2010: Andrew Beckerman
As I sat down to compile the best comedy albums of the year, I thought about what I really listened in 2010 and realized that this year, I got most of my comedy from podcasts. While less polished than a stand-up or sketch album, podcasts are continual. Finish one, and there’s another waiting for you. It’s like a hydra that you listen to and every time you listen to it, you can hear more hydras. And that’s the essence of comedy – becoming a commodity or brand that constantly delivers The New. Anyway, the point is, I listened to a ton of comedy podcasts this year, and not a ton of comedy albums. While many of these podcasts have been around for a while, a few of them (WTF, CDR) really came into their own in 2010. The rest were just awesome anyway. So, in no particular order…
I had kind of written off Matt McCarthy years ago. His act at that time was silly, but not really in a good way. It felt disposable. But in the years since, he’s figured out how to temper that silliness with an insane intensity that gives it teeth. His performance style has evolved; McCarthy is genuinely interesting and fun to watch on stage — or to listen to on stage. His jokes are funnier — he’s more skilled now — but more so than being a good joke writer, he’s become an incredible performer.
Myq Kaplan loves puns and wordplay and sometimes loses himself in a dense mess of double meanings. There’s nothing wrong with this, except that this kind of humor is a tough sell live. Audiences like to be spoon-fed, sure, but it is also the nature of the medium. If a laugh is delayed, if an audience is trying to put together a joke while the stand-up has moved on, the rhythm gets thrown off. It’s Kaplan’s delivery and ability to craft jokes around the puns, though, that gets past this barrier and allows his act to be something more than a novelty.
Man, Hannibal Buress has a lot of fun on stage. There’s a lot live comedy can do — social satire, political commentary, just simple jokes — but one thing that people want to see are comedians enjoying themselves. Even if the comedian is knee-deep in an existential morass, there needs to be some kind of glee. Buress is amazing at telling jokes, but it’s really his joy that makes his humor exciting. Even with his low-key stage persona, that mirth shines through. There’s also a great amount of skill to his act that goes beyond the visceral; Buress has an ability to call out his own joke construction, but instead of making an easy meta-joke, he makes the tangent a joke of its own.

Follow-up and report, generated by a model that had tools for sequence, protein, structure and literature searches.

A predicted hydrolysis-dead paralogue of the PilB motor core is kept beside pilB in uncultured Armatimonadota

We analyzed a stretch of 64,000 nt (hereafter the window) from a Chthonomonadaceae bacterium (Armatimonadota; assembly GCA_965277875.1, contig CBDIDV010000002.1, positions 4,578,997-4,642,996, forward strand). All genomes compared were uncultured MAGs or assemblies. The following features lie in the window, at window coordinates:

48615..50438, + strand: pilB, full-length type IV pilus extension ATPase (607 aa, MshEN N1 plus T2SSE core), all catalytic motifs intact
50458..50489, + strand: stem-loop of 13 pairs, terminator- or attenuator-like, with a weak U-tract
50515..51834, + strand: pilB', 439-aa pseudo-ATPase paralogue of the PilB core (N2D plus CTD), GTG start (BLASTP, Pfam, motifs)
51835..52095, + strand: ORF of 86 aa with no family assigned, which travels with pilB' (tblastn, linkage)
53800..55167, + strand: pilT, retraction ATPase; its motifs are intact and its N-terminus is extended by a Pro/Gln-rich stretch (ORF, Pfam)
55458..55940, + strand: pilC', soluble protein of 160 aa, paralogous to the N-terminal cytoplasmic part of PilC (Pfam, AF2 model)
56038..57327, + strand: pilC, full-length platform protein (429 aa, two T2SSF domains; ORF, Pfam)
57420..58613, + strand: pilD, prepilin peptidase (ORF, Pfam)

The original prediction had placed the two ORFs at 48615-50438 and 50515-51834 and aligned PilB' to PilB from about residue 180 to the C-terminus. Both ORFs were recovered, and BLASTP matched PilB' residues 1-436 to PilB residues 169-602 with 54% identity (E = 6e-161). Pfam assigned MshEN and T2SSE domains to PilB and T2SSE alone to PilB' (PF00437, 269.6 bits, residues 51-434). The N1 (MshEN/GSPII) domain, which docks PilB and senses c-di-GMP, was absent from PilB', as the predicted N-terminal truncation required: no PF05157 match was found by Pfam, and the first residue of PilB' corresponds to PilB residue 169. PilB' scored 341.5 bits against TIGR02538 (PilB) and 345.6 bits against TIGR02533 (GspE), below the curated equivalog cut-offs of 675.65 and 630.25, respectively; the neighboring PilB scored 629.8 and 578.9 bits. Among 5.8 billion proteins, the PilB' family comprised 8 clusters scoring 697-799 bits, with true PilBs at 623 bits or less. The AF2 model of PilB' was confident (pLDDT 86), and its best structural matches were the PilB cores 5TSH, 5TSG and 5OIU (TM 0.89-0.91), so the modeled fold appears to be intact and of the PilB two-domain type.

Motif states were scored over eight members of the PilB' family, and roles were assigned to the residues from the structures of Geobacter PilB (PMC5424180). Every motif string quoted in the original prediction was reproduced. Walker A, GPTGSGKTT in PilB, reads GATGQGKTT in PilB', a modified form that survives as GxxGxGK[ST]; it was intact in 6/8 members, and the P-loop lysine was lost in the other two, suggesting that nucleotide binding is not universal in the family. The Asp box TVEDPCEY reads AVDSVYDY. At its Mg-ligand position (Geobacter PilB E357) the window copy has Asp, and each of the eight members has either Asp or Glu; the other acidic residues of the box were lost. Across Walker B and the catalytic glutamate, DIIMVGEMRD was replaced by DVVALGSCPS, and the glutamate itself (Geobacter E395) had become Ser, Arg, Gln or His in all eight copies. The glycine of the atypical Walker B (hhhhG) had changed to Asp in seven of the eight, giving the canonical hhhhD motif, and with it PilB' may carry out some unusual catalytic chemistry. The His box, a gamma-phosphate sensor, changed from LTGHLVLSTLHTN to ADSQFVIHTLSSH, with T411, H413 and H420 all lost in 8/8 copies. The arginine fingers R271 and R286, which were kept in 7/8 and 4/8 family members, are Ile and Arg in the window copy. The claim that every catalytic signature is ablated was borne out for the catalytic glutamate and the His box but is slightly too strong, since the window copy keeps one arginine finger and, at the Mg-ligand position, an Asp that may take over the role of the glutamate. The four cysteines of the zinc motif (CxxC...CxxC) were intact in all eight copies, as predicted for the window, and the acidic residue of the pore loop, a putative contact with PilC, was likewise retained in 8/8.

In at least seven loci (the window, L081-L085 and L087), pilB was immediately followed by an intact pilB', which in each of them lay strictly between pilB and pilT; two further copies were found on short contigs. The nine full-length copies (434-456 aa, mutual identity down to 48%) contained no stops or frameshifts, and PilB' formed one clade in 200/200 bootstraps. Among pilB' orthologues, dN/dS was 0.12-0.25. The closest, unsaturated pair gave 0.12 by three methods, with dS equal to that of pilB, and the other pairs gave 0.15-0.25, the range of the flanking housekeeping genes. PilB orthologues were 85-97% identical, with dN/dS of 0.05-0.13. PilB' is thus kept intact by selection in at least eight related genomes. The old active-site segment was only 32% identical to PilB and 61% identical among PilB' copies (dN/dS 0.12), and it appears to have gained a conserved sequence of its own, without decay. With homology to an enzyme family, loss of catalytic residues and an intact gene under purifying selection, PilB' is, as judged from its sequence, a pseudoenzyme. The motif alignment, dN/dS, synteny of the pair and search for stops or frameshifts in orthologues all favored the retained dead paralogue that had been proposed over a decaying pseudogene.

The joy in listening to Comedy Death-Ray Radio is in the way Scott Aukerman’s intentionally-awkward comedic persona shifts from genuine to fake at a moment’s notice, one moment asking a serious question, the next asking a stand-up how much he makes in a year. One moment participating fully in an improvised piece, the next derailing the scene by asking the performer to repeat some incidental detail she said 10 minutes earlier. It’s this weird line he treads that allows actual comedians and comedic characters to interact in such an odd way. Part riff-session, part-interview podcast and of course, at the end of each show, the best part: comedians plug their shows and projects. Also, one of the few podcasts that can make me laugh out loud on the subway.
Marc Maron is a gargantuan narcissist. While sometimes wearying, it is this defining feature that makes him an incredible interviewer. Maron has spent the last two decades in intense self-examination on an existential level, and this investigation has made him unflaggingly honest. This honesty not only appeals to his fans, but it opens up his interviewees to be truthful in a way they may not usually do so. It helps as well that Maron is charismatic, self-deprecating and above all, willing to undercut his entire line of thinking with a well-timed line saying, “Ah, maybe I’m full of shit.” But above all, it is the feeling that you are listening to a genuine human without the barriers and filters that turn most people into calculated politicians.